“It’s horrifying to me in the way I imagine it was horrifying for other people when Harvey Milk was shot,” Manes says of the Orlando massacre. “And I know that these weren’t politicians or whatever, but it’s 49 people. You look at that victim list and it was 21- and 25-year-olds. It reminds me of my first time going to a gay bar and feeling like I was safe, because I was at the gay bar. I imagine on a Saturday night, people were in a good place. And it’s Pride Month. And they were proud. But what proud got them was dead.”
It was a good place even before it was called Pulse, back when it was an indie oasis for locals looking for something Disney couldn’t offer. “I don’t think anybody’s really pinned down how diverse the community was -- there were all of these artists and musicians, people who weren’t part of the tourism infrastructure,” remembers Jason Ross, who played regularly at Dante’s, both solo and with his band, Seven Mary Three, which formed in Orlando, got signed to Mammoth Records and reached No. 1 on Billboard’s Mainstream Rock chart in 1996 with its single “Cumbersome.” “I tried new material there, songs I had never even played for Seven Mary Three audiences and haven’t played since. Whoever you needed to be or wanted to be, that was the safe place to do it.”
Poma has vowed to reopen Pulse. Whether or not it becomes another club, it’s hard to imagine the location won’t become a kind of monument in Orlando to those who, through the decades, created real culture in the land of Mickey Mouse, or as a destination for Latino or LGBT people. Stonewall South.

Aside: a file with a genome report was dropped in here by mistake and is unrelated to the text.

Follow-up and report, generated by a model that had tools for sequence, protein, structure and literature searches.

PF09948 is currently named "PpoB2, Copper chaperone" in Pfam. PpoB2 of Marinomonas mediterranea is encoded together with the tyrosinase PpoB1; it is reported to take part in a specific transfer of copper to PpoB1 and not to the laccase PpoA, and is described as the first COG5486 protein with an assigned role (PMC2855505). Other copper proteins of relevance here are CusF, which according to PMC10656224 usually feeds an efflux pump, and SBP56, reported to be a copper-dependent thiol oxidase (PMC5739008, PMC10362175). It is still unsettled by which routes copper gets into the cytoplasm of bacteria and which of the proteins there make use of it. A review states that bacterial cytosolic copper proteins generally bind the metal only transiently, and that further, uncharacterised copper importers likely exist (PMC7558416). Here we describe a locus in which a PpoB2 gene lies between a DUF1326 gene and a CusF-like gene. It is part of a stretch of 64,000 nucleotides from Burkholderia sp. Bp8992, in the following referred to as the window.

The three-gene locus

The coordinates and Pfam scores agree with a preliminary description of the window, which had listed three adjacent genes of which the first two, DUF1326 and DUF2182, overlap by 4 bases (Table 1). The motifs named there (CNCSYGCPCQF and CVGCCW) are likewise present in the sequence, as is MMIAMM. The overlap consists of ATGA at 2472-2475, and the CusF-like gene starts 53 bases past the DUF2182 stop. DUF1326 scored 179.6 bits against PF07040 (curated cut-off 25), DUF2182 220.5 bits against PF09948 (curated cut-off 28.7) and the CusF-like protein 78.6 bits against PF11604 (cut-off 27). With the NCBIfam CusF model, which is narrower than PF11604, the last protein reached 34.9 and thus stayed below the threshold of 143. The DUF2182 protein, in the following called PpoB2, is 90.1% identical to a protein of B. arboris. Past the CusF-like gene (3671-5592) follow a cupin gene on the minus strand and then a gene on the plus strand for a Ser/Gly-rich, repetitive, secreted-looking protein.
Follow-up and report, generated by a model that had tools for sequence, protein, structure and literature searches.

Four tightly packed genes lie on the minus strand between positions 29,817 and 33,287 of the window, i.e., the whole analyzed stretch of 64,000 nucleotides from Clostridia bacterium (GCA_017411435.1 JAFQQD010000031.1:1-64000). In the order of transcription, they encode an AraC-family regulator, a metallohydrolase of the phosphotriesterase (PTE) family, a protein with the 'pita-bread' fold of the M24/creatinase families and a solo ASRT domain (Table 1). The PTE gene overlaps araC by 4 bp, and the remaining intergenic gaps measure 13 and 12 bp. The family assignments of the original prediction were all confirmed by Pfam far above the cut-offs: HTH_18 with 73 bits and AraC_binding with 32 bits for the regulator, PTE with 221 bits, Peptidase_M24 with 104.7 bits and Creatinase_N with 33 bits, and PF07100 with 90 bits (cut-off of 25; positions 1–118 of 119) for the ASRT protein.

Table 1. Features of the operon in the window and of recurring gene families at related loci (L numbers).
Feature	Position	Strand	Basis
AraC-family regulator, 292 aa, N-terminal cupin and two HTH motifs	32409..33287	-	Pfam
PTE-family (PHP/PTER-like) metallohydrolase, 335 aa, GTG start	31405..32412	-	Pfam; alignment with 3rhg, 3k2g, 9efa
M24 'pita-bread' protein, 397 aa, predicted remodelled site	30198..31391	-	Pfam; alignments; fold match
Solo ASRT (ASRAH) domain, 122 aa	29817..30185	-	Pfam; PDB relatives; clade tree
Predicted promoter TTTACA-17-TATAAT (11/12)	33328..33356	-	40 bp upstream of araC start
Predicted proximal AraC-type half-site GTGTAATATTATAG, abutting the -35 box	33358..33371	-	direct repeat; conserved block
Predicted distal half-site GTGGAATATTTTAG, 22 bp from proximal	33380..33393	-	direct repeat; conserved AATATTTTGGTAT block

“There is a community of people who are not giving up,” says Ross. “The arts community, they’ve been there a long time and they embrace a multitude of talent. We’re lucky they’re there.”
Ray Rivera, aka DJ Infinite, who was spinning on the patio of Pulse when the shooting broke out, has said he’ll continue to play clubs in Orlando -- gay, straight, whatever. He has residencies at Universal Orlando but also at LGBT clubs such as Southern Nights in Tampa, Fla., and Parliament House in Orlando. But Pulse was special, Rivera told me when I reached him in the days after the shooting. “It is a place of love and happiness always -- one big family.”
Rivera is married with kids and grandkids and has a day job, but his passion is music, and he has been flooded with support from his fellow DJs and people he saw several nights a week in the close-knit Orlando-area dance music scene. “Honestly, right now I am overwhelmed,” he says, “and I’m trying to get things back to a place that I can get back to work.”
For Poma, too, the outpouring of support has been overwhelming. “I can’t tell you how many stories I have read that have told me that Pulse was the first gay bar they ever went to, how they were shaking in fear, how they weren’t out to their families and how Pulse welcomed them,” she says. “People who aren’t out, people who are exploring, people who are transitioning need a place to do this without judgment, they need acceptance. This is what Pulse was always about.”